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Brazos County Health District addresses questions about first monkeypox case

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Photo by Meredith Seaver
Brazos Valley Health Department

On Thursday, July 27, Brazos County Health Authority Dr. Seth Sullivan, MD, and Workforce Development Coordinator and Public Health Information officer Mary Parrish issued a report on Facebook live regarding the first monkeypox case in Brazos County, as well as an update on the current COVID-19 report. 

Sullivan began with the Brazos County COVID-19 report, and said omicron cases are still very high, with 70 cases occurring in June and jumping to 80 cases within a 14-day average in July. Sullivan said many residents are performing at-home tests, likely resulting in an underreporting of infections. Sullivan said COVID-19 vaccines are still encouraged.

Sullivan proceeded with information regarding the first confirmed case of monkeypox in Brazos County, and said the individual who tested positive was in close contact with a monkeypox case in the Dallas area. Sullivan said in Texas there are 231 cases, with 228 cases being male individuals while only three  have been female. 

Sullivan clarified the majority of monkeypox cases are transmitted through direct skin-to-skin contact, which includes, but is not limited to, sexual contact. He said  scabs, rashes, bodily liquids and respiratory secretions after prolonged face-to face exposure should be avoided. Physical contact with items previously touched by infected individuals can also cause transmission, and pregnant women are susceptible to spread the infection to the growing fetus. 

Sullivan said identification of monkeypox is visually discernible, with discrete lesions, raised and blistered with a fluid vesicle, similar to chickenpox, appearing on the skin. Locations of these blisters may occur on the face, torso, palms of the hands or soles of the feet. 

Vaccines have been ordered in relatively low quantities due to high demand, Sullivan said. Those at highest risk, such as those who have been exposed to infected individuals, will be given the vaccine first in order to mitigate symptoms. An FDA approved antiviral medicine for smallpox, though not certified for monkeypox, can still be taken, although most individuals are not required to take it. 

Sullivan moved on to the FAQ section of the livestream, primarily emphasizing the differences between COVID-19 and monkeypox.  

Sullivan said, unlike COVID-19’s form of transmission, which includes asymptomatic carriers and the formation of highly contagious aerosolized air in concentrated areas, monkeypox’s only form of transmission is skin contact. 

Sullivan said that due to less versatile modes of infection and available medical treatments, monkeypox transmission is easier to control.

“There are many public health experts who are optimistic that this can be, if we take it seriously and take charge of this, that we can completely control this, and by control I mean stop [monkeypox] transmission entirely,” Sullivan said.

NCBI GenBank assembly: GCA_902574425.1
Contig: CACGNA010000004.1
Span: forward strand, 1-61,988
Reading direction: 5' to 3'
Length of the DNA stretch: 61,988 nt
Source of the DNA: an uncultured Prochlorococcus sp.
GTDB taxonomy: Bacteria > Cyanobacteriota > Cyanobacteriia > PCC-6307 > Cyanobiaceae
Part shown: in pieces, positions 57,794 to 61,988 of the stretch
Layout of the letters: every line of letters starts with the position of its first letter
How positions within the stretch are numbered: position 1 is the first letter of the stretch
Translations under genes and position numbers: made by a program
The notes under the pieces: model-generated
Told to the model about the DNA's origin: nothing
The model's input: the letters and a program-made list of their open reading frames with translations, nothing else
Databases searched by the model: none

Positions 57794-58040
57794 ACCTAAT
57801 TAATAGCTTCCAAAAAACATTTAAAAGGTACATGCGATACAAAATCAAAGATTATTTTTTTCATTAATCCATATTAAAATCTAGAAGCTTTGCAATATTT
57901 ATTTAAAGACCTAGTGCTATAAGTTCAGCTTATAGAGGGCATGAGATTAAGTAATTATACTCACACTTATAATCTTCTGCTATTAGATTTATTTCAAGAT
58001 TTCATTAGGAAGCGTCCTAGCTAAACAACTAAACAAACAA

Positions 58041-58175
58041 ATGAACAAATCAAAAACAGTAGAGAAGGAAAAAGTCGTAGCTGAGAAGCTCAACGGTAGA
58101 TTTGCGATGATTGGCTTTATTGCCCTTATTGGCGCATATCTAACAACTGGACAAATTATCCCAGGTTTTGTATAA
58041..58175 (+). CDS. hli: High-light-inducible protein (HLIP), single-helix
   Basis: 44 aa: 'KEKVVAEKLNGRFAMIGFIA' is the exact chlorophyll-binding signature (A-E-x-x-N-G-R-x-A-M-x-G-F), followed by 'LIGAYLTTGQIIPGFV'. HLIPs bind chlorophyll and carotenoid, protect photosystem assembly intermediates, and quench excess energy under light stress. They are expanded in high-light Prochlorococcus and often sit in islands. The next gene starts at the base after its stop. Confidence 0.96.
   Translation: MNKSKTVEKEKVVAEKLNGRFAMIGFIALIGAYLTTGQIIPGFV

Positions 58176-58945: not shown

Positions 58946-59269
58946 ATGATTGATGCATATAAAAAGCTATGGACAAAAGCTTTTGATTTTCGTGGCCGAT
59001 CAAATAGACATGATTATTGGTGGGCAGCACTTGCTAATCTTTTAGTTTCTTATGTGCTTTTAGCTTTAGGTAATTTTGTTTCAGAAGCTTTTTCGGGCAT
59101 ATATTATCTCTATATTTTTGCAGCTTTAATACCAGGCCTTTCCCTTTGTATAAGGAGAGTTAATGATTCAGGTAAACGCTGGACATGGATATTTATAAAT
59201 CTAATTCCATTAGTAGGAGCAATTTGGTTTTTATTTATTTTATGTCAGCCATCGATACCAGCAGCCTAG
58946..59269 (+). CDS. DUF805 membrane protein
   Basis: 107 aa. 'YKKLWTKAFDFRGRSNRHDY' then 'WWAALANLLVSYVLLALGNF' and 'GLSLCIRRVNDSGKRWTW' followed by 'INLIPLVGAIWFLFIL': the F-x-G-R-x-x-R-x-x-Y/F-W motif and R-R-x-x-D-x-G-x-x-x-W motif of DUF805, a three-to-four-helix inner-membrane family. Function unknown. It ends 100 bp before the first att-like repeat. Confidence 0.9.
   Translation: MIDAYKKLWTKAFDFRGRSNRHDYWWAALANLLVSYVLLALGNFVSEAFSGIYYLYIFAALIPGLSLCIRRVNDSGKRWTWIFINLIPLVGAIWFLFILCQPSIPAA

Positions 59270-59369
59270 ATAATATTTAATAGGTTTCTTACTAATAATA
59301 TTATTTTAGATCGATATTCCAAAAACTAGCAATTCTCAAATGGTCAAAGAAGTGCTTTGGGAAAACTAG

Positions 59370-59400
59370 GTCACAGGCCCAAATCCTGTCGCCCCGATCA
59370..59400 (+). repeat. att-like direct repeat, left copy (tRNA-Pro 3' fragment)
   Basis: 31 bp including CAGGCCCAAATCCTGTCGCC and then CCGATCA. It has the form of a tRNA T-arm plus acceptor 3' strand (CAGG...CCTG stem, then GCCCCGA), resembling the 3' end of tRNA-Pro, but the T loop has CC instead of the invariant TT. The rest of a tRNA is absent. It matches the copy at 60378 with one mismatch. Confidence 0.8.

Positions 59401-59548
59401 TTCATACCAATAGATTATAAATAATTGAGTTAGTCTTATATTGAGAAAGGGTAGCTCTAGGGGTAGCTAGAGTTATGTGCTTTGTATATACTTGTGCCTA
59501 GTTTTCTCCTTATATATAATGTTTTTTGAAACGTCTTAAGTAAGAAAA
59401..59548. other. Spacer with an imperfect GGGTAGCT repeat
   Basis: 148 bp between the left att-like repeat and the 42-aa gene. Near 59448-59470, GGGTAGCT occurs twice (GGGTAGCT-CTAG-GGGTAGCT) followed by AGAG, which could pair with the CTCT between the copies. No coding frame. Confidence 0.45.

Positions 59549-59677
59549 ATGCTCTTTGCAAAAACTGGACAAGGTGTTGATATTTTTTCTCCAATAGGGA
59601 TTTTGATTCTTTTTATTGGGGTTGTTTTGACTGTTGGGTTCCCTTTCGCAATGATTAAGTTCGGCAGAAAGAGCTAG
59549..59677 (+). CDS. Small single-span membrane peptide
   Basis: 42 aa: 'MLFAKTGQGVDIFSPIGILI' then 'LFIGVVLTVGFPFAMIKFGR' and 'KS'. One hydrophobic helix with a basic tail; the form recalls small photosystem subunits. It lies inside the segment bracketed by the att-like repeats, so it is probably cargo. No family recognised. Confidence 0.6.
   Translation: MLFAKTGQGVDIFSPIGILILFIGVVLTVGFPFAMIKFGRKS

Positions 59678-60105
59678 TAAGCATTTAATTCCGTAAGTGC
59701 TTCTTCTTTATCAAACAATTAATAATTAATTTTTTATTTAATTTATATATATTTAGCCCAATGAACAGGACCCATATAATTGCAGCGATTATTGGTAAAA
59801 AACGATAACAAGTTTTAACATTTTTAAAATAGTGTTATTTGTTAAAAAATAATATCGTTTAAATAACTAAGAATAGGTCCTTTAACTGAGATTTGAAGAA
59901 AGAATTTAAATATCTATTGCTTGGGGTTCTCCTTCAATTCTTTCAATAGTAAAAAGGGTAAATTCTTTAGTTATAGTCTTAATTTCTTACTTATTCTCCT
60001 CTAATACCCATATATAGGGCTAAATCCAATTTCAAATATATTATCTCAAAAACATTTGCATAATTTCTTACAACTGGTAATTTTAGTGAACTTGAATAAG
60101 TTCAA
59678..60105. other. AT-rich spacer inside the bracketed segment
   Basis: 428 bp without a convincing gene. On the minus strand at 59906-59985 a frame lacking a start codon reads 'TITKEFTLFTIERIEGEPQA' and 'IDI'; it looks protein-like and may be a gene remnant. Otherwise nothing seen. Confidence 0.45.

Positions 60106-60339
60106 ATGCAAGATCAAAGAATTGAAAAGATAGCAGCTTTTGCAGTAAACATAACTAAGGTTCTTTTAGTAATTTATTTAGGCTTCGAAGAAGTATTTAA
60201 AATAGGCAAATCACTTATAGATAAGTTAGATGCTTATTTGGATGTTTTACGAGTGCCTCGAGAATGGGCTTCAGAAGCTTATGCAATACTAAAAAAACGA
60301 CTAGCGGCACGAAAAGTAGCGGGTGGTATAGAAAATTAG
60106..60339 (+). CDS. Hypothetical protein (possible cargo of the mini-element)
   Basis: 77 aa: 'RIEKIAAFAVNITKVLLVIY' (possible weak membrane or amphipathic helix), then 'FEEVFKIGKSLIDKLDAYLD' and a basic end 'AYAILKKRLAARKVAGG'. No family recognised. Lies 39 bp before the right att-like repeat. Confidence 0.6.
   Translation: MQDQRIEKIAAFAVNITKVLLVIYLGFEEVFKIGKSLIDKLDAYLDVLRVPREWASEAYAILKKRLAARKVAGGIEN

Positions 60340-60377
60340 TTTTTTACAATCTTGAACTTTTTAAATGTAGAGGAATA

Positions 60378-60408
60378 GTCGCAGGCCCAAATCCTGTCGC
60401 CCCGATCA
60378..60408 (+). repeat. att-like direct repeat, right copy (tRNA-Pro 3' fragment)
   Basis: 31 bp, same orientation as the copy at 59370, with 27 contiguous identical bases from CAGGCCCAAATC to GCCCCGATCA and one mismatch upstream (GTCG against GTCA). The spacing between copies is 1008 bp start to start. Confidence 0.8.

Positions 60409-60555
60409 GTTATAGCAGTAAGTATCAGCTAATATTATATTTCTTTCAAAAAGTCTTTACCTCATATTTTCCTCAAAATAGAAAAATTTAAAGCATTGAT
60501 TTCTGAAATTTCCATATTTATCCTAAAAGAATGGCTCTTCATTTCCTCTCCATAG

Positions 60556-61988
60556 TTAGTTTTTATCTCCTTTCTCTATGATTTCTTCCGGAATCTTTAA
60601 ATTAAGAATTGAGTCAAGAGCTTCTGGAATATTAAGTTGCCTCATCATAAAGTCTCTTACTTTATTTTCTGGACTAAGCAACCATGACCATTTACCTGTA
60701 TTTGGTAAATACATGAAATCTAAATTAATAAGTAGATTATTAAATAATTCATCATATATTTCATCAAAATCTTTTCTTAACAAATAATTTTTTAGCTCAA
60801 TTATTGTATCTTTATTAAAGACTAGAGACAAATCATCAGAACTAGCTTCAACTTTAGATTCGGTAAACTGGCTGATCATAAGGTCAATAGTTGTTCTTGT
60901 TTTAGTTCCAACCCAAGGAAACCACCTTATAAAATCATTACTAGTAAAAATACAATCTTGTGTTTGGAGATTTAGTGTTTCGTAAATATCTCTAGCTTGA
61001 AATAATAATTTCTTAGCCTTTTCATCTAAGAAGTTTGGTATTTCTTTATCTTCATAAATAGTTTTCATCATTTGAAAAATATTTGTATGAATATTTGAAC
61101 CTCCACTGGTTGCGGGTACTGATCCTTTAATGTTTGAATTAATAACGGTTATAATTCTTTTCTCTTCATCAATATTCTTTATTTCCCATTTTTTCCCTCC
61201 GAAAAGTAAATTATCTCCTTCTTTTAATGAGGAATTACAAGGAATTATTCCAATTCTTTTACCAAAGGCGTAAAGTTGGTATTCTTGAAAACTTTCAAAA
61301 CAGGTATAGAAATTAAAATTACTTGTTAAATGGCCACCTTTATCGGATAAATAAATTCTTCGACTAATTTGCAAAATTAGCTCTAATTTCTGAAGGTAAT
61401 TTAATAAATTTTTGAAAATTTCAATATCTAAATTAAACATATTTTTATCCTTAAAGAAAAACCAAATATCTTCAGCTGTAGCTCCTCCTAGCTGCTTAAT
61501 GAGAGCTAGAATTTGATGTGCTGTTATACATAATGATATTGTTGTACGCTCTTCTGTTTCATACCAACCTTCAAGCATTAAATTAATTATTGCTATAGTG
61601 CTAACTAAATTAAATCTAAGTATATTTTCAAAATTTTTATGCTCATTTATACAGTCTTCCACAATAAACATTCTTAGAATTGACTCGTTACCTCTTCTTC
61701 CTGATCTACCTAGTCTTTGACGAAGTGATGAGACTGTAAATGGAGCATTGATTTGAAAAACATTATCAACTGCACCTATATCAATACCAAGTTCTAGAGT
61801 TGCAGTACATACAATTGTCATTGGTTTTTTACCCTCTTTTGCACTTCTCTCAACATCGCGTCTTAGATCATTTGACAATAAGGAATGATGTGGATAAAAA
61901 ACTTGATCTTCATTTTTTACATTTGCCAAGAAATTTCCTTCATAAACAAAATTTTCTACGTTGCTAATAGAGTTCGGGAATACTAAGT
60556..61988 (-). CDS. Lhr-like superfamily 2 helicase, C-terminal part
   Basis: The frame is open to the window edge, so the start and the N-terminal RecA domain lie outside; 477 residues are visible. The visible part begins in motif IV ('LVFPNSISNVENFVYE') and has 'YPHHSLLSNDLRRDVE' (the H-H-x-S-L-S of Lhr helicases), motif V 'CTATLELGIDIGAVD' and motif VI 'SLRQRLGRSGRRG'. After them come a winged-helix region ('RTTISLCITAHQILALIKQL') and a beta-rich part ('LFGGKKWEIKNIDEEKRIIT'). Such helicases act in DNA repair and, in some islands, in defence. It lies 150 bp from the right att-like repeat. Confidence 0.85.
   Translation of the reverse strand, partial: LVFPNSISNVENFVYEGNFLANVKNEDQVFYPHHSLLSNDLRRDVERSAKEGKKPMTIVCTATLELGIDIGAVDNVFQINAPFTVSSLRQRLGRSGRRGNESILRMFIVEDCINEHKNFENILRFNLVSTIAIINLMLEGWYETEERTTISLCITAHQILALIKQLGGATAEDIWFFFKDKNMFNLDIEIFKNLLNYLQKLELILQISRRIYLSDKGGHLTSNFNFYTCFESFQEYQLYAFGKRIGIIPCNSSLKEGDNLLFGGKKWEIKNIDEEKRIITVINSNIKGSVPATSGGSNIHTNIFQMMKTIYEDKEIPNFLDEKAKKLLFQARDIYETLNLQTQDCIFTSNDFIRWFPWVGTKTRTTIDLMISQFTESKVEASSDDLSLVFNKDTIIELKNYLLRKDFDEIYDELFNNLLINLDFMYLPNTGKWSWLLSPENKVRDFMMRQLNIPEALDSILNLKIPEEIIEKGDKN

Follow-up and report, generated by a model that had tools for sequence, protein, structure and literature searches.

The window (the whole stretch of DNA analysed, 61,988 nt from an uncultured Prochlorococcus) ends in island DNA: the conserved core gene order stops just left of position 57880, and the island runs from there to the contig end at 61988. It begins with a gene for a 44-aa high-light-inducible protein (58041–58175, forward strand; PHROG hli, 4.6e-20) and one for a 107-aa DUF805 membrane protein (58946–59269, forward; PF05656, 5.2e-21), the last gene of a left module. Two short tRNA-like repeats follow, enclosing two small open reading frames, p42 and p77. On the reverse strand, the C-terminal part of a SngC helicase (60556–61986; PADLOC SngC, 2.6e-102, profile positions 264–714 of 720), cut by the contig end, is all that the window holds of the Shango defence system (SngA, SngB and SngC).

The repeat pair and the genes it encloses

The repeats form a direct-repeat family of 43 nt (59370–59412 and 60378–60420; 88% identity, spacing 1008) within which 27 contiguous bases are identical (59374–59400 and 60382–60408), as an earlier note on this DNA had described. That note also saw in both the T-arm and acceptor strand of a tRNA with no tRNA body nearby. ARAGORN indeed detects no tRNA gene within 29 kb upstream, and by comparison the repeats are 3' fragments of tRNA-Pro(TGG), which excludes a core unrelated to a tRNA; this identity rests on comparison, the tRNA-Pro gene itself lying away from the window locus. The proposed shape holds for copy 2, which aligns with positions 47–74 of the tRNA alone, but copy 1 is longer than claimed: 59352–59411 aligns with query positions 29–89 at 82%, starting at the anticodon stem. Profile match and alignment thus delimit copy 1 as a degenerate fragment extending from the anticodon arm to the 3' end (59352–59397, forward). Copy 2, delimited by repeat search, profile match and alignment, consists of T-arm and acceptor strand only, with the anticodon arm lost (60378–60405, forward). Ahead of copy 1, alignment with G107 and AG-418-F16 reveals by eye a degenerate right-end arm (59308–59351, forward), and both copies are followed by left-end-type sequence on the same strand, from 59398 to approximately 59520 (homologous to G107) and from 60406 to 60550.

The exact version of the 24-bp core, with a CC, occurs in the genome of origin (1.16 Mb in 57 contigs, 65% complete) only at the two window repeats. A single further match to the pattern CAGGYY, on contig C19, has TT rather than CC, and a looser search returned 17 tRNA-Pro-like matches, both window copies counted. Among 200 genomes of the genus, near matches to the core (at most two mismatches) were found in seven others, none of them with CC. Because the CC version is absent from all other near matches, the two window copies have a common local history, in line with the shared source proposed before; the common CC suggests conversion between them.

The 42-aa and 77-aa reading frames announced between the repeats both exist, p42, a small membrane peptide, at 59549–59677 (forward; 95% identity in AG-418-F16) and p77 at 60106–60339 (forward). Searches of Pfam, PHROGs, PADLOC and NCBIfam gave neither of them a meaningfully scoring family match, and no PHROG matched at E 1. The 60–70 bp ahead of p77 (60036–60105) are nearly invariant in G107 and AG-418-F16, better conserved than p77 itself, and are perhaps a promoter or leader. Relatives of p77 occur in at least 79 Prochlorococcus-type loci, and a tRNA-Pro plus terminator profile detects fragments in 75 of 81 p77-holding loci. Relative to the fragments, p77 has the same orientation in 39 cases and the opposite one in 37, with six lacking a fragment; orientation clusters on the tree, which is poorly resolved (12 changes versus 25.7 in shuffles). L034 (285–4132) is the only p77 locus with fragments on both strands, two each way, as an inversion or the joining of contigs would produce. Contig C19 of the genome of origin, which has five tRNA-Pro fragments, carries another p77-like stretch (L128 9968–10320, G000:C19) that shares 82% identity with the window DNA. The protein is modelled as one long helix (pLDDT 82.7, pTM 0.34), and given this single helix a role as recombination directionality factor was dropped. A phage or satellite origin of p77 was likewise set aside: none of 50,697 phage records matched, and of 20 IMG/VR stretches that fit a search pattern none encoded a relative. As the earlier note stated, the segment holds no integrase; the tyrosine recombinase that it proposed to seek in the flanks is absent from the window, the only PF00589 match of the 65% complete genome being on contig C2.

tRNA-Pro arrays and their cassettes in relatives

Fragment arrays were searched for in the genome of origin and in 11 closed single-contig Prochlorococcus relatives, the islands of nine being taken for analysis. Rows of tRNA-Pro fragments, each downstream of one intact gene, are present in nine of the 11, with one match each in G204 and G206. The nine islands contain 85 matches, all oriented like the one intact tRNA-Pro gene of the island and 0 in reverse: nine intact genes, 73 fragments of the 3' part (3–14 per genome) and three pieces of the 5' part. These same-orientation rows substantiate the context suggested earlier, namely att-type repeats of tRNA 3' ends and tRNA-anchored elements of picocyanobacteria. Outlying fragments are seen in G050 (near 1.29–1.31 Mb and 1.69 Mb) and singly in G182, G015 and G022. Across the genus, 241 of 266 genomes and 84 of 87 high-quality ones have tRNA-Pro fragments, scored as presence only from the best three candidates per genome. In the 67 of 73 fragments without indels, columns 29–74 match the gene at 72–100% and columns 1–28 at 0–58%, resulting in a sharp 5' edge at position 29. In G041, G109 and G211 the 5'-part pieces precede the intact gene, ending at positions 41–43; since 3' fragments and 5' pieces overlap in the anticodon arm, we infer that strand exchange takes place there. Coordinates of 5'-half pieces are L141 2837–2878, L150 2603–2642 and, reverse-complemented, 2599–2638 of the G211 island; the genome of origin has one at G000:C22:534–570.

Sullivan then answered questions from the viewers. The questions consisted of quarantine proceedings, how schools would be affected, what the incubation period of monkeypox is, how to identify a lesion, what the timeframe of skin contact is and when the vaccines will be coming in. 

For monkeypox’s quarantine proceedings, Sullivan said he thinks that the virus is transmittable before the rash starts to develop.

“We know that is when we are most contagious,” Sullivan said. “It’s about that window and all through the time the lesions are there we are considered contagious … Really, we’re looking at it until lesions have resolved.”

Sullivan said that as of now, the health district is not as worried about monkeypox in schools when compared to COVID-19.

“[COVID-19] is almost silent the way it gets transmitted … and with monkeypox we’re not seeing that,” Sullivan said. “What we see is somebody who has lesions in that direct skin-to-skin contact and so we would not expect mass transmission through a school. It’s different that way in its transmission mode.”

Sullivan said the incubation period for monkeypox is about one to two weeks.

“Of course there is a range, and that range is the variability of our immune systems and how much of the virus we were exposed to,” Sullivan said. “If we are in direct contact with somebody with monkeypox, we do need to take that seriously and we do need to be mindful that there is an incubation period.”

Sullvian said visual signs of monkeypox are easy to spot.

“These are very characteristic lesions,” Sullivan said. “They’re large, they’re often painful, some can be itchy and it’s not your typical pimple. There’s already some great images online, the CDC has posted some good pictures of what [monkey]pox lesions look like, so I would just familiarize myself with those.”

With the high demand of monkeypox vaccines, Sullivan said that it is unknown when the vaccine will be available in Brazos County.

Sullivan said hospitalization for monkeypox isn’t commonly required, but the consequences of painful lesions do not make it something to brush off. 

“Most people with monkeypox do just fine, they heal on their own and they don’t require hospitalization, they don’t require incubation … but we do heal from it,” Sullivan said. 

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